Jameel at the Muqata writes about the multi-level “pyramid” scheme used to market Agel, an overpriced and unproven vitamin supplement. The highest-level marketers have made a lot of money, but hundreds at the bottom will lose their investment unless they can convince enough others to invest and market as well. Most large “Anglo” communities in Israel have several Agel representatives. (Agel hasn’t discovered mine yet. Please stay away.)
According to a comment on Jameel’s post by an Agel representative, a month’s supply of one type of supplement costs NIS 1000, or about $250.
In related news, Haaretz reports that an Israeli woman who used and marketed Herbalife products is suing the company over damage to her liver.
An Israeli woman filed a NIS 2.5 million lawsuit yesterday against Herbalife Israel, claiming that the companies’ products had caused her chronic liver disease, with the risk of future liver failure necessitating a transplant.
In her suit, submitted to district court, Mali Nir, 54, alleged that products marketed by the California-based nutritional-supplements and weight-control company and its Israel affiliate as natural and promoting “health for life” destroyed her health.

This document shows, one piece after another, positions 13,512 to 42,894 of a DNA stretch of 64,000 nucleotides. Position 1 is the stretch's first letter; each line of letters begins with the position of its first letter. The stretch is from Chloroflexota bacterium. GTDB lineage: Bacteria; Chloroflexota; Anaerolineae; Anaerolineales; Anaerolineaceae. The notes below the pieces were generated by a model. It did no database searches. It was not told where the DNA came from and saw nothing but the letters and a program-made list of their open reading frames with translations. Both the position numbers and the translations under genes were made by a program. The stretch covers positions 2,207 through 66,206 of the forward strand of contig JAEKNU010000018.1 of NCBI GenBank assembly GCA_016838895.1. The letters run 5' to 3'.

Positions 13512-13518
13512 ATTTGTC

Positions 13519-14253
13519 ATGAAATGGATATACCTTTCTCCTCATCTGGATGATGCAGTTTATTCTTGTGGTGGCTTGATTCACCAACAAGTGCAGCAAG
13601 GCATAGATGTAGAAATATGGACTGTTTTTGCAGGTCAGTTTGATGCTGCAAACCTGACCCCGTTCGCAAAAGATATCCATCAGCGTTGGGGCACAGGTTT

The suit claims that she “was never advised that consuming the companies’ products could cause irreversible liver damage, and that they could even be poisonous to the body.”
Nir said she began taking Herbalife supplements in 1998 and even signed on as an Herbalife distributor. She says that the first sign of a problem surfaced in 2001, when she began to experience fatigue and weakness. She then discovered that she had serious liver damage.
When she stopped taking the supplements, her liver function reportedly returned to normal, but with indications of cirrhosis of the liver, along with problems that included pain, chronic fatigue, weakness and insomnia.
Attached to the suit was a medical opinion from Hadassah Hospital internist Dr. Mayer Brezis. In it Brezis stated that research literature from as far back as the 1990s reported the risk of liver damage from herbal products, and that there was a high probability that the Herbalife products caused Nir’s liver problems.
The suit also alleges that Israeli researchers documented 12 cases of severe liver damage similar to Nir’s in patients who used Herbalife products like the ones she took.
Not everything advertised as natural is truly natural. And not everything natural is good for you. No matter how convincing the pitch, companies and stores that market “health” products are usually more interested in selling than in protecting your health.